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Friday 15 December 2017
Local

Giuseppi sheds a tear for media

Veteran broadcaster Neil Giuseppi has lamented what he considers to be declining standards in the media.

And he believes the focus is no longer on producing quality work but maximising profits.

“I really don’t know why I bother because apparently, it is a lost cause. One of the major problems is the fact that the emphasis is no longer on standards but merely on the pursuit of the Almighty dollar,” Giuseppi wrote in his new book, The Journey Continues, which was launched on Friday at the National Library, Port-of-Spain.

Excepts of the book were read by criminologist Renee Cummings, comedian/cultural activist Errol Fabien and Giuseppi’s close friend Valerie Laurent-Thomas, daughter of late educator Eugene Laurent, one of his mentors.

Cummings read for the audience Giuseppi’s observations in the book about the breakdown in journalistic standards.

Giuseppi wondered if media practitioners, particularly those on radio and television, were being called upon by their managers to answer for mistakes made on air.

“I wonder also if proof readers exist today in the print media,” he said, adding that correct pronunciation of words also appeared to be a thing of the past.

Cummings elicited chuckles from the audience when she read Giuseppi’s comments about a newspaper headline, Man Dies After Committing Suicide.

He said another newspaper, reporting on the same suicide, told its readers “the dead man was seen walking down the road a few moments before he committed suicide.”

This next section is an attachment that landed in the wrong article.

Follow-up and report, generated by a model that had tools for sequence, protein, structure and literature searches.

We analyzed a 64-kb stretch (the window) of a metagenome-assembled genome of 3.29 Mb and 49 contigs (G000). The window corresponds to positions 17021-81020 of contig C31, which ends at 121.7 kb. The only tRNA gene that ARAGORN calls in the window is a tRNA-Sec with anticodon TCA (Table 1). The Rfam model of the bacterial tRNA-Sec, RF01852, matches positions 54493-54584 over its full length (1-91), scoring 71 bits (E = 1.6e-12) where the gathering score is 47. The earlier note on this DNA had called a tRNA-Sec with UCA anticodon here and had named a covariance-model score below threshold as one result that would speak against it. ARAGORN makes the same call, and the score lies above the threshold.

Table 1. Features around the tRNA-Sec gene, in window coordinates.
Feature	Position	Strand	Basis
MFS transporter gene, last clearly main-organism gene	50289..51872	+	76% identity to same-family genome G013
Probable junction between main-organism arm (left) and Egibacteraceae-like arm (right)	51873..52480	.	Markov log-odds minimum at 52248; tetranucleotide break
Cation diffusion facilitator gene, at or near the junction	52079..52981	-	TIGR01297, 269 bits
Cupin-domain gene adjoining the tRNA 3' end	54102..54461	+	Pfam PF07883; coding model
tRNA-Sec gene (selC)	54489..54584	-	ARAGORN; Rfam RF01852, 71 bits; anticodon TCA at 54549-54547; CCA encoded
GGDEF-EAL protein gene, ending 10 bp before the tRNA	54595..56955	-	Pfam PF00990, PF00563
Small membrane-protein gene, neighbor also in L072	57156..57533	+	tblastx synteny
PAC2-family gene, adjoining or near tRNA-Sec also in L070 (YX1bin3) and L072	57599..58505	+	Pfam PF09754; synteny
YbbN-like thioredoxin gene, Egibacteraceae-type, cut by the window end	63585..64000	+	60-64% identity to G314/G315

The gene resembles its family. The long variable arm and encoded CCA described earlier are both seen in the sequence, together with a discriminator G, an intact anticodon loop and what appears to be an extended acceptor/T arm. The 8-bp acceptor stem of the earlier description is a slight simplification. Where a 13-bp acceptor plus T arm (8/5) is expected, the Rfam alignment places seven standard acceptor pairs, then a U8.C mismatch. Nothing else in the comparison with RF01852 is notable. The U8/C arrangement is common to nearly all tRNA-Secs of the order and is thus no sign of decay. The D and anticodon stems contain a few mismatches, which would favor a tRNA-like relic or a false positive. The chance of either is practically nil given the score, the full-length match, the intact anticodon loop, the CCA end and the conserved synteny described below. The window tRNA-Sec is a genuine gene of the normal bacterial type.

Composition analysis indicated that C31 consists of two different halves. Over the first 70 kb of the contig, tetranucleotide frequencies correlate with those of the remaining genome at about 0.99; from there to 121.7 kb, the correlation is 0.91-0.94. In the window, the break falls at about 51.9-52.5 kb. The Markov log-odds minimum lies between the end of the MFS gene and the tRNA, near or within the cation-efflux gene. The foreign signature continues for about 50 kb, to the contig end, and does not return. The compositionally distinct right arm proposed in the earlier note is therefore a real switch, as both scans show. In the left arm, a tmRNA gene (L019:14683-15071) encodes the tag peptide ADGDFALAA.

Giuseppi also wrote that a newspaper ran a sentence in a story which read, “Homicide victims rarely talk to the police,” while another said, “the body that was found on the Beetham Highway caused the police to work on the theory that the man was alive at the time he died.”

Giuseppi bemoaned the fact that media managers do not appear to care about such blunders.

“But that is what has become of the media today.”

He said, however, that while contemporary media appears to have “deteriorated into mediocrity or worse,” some of the “unforgivable errors” are not limited to the present era.

Giuseppi recalled that an announcer, during his years at Trinidad & Tobago Television in the 1970s, conducted a live interview with famous jazz musician Dave Brubeck, in which he asked, “How many members are there in your quartet?”

Giuseppi also recalled calling the chief executive officer of a radio station after hearing an announcer refer to someone as vomit.

“I asked her why the particular announcer was allowed to use that type of language on air. Her response to me was that he (announcer) was making money for the station and the public loved it and, therefore, as far as she was concerned it was acceptable. I hung up the phone and wept a tear,” he wrote.

In the book, Giuseppi also spoke candidly about his prostate cancer scare, distaste for politics and love of golf.

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